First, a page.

A Brief Book Summary from Books At a Glance
by Steve West
Editor’s Note: Most of our readers will already be at least somewhat acquainted with John Owen (1616-1683), “the prince of Puritans,” but it is not likely that many have read him extensively. His works are not only voluminous – they are tightly packed and deeply considered. Owen is neither quick nor light reading!
Today we continue our year-long series of summaries of Owen’s famous works. We trust these will be of help in introducing and/or increasing your acquaintance with this giant Puritan theologian.
Summary, Part 2
The Doctrine of Justification by Faith
Chapters VI & VII
There are some who say that there is an evangelical justification based on our personal righteousness. It is true that on the basis of holy obedience and good works, believers are called righteous, but this is in regard to actual acts and not to an inherent, habitual grace. Sanctification is a distinct concept from justification, yet our sanctification can justify us before our own consciences and before the world (i.e. we can point to the fruit that comes from belonging to Christ). This reality, however, does not make our personal righteousness the source of justification before God. In fact, it cannot be, since it is not only insufficient but it comes after our justification and acceptance. Nowhere in Scripture can the language of justification be applied to this view; it is neither a justification by the law nor by the gospel. Under Christ’s blood, it is the wicked who are justified, and our own personal righteousness is never the grounds for our forgiveness or acceptance by God. Christ is both our legal and our evangelical righteousness. If any of our merit or righteousness goes towards our justification, then we have cause for boasting and salvation is not completely by grace. God will render to everyone what is their due according to their works on the Day of Judgment, but justification and eternal life come through faith in Jesus. On that day, our faith and its effects are seen, but the grounds for forgiveness and life are found in Christ alone.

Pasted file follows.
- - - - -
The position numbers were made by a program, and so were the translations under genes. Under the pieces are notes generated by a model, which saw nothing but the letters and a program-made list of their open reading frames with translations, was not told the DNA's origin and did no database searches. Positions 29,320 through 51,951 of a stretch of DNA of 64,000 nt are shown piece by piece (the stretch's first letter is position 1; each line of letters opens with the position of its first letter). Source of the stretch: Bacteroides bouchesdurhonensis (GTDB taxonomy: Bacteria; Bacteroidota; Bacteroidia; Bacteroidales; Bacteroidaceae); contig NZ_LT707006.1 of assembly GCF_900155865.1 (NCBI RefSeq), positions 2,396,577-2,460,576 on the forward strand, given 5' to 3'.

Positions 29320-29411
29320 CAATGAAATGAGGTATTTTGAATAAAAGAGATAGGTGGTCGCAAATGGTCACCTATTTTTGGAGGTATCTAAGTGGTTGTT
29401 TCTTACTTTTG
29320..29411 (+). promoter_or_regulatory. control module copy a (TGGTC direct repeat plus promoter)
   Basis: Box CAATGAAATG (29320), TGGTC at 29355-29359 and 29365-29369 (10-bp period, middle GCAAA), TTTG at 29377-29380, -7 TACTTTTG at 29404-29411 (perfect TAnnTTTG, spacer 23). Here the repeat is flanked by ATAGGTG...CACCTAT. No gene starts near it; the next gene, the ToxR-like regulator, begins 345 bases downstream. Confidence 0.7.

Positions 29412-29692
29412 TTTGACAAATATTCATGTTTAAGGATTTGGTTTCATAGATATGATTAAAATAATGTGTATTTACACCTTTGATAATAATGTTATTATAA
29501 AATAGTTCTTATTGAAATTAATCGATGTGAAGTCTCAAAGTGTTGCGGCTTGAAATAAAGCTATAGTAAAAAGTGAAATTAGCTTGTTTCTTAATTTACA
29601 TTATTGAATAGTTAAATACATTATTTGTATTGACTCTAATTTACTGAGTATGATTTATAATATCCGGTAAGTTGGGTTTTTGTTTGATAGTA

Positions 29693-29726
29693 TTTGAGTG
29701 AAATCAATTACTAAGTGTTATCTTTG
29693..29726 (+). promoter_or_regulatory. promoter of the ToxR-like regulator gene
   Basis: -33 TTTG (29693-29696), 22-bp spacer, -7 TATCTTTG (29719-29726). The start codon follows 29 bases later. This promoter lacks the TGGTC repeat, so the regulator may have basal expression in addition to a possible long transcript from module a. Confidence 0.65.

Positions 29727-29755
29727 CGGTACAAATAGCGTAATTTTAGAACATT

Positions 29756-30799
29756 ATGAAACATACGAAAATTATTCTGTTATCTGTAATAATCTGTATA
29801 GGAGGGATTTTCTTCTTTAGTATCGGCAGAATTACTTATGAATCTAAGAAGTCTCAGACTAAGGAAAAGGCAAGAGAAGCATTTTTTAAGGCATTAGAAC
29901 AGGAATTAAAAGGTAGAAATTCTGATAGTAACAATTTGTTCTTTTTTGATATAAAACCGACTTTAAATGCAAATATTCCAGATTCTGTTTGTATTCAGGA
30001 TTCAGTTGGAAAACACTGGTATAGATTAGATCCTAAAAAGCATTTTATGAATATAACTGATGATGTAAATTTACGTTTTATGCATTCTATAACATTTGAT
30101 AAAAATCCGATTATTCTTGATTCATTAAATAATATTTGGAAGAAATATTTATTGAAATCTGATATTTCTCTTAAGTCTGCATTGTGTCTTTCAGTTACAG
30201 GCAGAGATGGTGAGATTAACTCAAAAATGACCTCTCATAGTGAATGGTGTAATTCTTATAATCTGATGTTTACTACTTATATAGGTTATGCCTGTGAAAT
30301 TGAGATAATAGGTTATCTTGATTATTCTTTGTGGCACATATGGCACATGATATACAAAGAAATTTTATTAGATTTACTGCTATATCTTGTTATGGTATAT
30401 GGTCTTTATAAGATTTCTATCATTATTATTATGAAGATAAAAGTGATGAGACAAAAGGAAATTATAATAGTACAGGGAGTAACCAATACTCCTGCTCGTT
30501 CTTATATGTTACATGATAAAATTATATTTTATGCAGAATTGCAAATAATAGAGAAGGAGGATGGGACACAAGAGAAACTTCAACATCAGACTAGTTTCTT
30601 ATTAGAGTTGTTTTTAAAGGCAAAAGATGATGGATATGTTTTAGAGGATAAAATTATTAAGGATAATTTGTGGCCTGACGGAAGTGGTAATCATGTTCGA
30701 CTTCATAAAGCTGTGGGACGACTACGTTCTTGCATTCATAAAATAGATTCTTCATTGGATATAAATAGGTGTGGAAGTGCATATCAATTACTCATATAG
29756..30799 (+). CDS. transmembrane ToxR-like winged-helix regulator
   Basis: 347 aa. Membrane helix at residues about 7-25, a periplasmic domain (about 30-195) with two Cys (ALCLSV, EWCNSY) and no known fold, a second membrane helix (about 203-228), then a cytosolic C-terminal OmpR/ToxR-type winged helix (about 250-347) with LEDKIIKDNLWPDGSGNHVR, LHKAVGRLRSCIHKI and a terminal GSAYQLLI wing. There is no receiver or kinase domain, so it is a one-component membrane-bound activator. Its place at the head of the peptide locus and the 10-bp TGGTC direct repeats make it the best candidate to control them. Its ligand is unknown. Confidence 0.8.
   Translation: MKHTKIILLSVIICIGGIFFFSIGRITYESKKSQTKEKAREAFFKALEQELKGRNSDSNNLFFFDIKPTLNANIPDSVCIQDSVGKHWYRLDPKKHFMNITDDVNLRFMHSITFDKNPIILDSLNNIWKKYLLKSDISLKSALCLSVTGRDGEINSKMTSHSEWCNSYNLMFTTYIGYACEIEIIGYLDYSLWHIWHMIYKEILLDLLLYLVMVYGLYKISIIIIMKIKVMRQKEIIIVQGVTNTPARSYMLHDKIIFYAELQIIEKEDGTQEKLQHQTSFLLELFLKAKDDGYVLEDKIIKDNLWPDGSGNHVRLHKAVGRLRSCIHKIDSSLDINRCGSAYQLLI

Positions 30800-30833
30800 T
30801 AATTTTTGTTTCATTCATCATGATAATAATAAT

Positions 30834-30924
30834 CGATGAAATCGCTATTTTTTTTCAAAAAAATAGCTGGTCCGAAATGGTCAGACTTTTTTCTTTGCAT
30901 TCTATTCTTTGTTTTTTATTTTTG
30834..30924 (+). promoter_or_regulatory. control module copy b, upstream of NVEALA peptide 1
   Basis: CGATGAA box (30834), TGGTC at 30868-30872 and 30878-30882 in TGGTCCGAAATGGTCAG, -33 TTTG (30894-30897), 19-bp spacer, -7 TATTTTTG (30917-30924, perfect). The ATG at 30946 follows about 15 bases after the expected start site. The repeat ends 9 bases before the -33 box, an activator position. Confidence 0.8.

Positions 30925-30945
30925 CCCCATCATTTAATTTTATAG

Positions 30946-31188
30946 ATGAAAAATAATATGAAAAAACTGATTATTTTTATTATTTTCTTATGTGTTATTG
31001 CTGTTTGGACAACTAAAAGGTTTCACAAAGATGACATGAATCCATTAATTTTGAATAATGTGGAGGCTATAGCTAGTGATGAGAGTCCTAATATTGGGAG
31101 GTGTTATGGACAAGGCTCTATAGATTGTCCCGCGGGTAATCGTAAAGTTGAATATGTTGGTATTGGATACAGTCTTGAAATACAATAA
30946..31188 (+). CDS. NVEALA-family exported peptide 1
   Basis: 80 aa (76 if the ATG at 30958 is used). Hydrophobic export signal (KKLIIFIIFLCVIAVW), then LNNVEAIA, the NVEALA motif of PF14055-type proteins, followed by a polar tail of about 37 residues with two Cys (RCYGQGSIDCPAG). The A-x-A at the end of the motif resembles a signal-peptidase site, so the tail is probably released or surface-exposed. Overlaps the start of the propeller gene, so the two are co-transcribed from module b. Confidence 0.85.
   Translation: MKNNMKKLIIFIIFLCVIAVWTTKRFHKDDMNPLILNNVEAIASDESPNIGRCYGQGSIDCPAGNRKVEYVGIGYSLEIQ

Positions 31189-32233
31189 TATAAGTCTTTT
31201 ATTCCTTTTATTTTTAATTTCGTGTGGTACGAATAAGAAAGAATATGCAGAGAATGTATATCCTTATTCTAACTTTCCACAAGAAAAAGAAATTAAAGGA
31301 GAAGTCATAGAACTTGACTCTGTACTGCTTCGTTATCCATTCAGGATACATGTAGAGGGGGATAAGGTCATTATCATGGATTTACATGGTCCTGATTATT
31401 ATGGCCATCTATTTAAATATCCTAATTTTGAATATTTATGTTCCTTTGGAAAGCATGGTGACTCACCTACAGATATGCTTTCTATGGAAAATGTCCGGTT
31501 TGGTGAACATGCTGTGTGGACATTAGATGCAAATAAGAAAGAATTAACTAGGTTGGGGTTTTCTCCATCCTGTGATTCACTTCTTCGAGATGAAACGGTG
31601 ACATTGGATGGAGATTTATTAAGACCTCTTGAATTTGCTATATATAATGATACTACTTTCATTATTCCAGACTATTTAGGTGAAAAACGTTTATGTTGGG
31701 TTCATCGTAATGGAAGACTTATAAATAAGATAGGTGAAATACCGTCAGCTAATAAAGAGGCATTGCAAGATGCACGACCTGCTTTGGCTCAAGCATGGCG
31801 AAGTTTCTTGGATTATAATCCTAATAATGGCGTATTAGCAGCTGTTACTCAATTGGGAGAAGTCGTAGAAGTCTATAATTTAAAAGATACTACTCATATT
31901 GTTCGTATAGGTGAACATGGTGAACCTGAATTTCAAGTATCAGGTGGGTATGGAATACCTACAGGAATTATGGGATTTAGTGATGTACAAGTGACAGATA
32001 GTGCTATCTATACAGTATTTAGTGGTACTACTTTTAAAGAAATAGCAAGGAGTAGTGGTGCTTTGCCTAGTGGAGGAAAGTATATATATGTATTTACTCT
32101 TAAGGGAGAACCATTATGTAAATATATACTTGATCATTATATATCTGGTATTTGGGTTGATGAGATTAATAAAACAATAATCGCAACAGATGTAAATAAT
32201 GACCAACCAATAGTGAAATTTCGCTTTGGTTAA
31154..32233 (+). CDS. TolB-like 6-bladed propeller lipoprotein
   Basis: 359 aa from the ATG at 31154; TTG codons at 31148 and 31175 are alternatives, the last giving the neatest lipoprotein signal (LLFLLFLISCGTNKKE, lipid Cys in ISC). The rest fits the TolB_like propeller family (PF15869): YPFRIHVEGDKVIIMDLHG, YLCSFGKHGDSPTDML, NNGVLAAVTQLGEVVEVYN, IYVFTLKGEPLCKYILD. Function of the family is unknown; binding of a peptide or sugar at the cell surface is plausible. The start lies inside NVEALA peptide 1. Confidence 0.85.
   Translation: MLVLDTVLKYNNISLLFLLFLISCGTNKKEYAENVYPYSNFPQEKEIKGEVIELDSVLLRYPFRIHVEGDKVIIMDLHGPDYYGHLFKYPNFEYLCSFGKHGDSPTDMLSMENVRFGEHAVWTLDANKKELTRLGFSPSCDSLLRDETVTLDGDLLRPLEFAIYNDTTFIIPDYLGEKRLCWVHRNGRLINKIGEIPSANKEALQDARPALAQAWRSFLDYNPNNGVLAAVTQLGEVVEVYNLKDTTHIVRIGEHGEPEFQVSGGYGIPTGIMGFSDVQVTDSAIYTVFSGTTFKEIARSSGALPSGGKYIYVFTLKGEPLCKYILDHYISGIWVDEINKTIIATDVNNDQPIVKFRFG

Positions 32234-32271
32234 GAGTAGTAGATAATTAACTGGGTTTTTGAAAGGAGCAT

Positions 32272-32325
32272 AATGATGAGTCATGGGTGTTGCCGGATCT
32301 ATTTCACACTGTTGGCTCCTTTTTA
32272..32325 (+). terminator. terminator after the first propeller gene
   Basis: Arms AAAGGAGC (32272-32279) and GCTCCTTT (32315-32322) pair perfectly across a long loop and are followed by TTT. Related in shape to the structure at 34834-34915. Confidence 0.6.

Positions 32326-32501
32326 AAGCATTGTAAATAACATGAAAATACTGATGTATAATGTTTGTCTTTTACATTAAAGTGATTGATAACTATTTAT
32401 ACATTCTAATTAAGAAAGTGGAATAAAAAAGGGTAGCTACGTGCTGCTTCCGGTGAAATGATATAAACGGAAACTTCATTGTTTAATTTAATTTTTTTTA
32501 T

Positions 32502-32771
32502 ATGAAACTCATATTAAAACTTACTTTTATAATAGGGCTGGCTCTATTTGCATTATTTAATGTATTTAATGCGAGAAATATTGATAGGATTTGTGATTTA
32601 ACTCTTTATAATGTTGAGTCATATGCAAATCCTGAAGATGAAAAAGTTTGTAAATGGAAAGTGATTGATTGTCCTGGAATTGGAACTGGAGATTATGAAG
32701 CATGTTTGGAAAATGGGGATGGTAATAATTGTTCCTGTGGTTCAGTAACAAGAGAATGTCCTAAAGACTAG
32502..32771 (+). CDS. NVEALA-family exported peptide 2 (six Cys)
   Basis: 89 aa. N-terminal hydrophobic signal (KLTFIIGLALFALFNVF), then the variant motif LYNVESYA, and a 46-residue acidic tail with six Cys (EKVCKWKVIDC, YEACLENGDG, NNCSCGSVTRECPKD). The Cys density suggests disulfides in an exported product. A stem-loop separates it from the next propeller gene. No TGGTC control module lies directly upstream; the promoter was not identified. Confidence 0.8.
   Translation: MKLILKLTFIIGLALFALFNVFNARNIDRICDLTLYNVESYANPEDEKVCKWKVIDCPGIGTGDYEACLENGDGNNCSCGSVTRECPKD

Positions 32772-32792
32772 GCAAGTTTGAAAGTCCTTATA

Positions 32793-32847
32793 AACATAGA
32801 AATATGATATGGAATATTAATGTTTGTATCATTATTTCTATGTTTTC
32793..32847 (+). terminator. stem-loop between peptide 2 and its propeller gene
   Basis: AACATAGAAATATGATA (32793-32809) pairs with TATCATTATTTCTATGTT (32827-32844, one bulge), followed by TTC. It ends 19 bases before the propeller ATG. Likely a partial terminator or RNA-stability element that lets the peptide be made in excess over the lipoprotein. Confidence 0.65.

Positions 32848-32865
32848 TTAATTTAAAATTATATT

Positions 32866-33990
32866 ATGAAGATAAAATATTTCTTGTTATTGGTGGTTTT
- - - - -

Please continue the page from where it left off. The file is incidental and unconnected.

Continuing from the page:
Although there were people justified before Abraham, as the father of the faithful he is the subject of the first explicit record of justification. Genesis 15:6 says that he believed in God and it was accounted or imputed to him as righteousness. Thus the first declaration in Scripture about justification is that it is based on something imputed, and this is the example of how it functions for everyone who will be justified. This biblical truth of imputation is under constant attack and is scorned frequently today. There are some, thankfully, who deny the doctrine because they do not fully understand the truth, but they have genuine saving faith in Christ. They are justified by the imputed righteousness of Christ even though they misunderstand imputation as a doctrine. Imputation is the historic doctrine of the Church of England. It is the Papists and the Socinians who are the main parties who oppose the doctrine of imputation. The former exalt our own merits, while the latter tries to destroy the merits of Christ. . . .[To continue reading this summary, please see below....]
Buy the books
THE WORKS OF JOHN OWEN, VOLUME 5: FAITH AND ITS EVIDENCES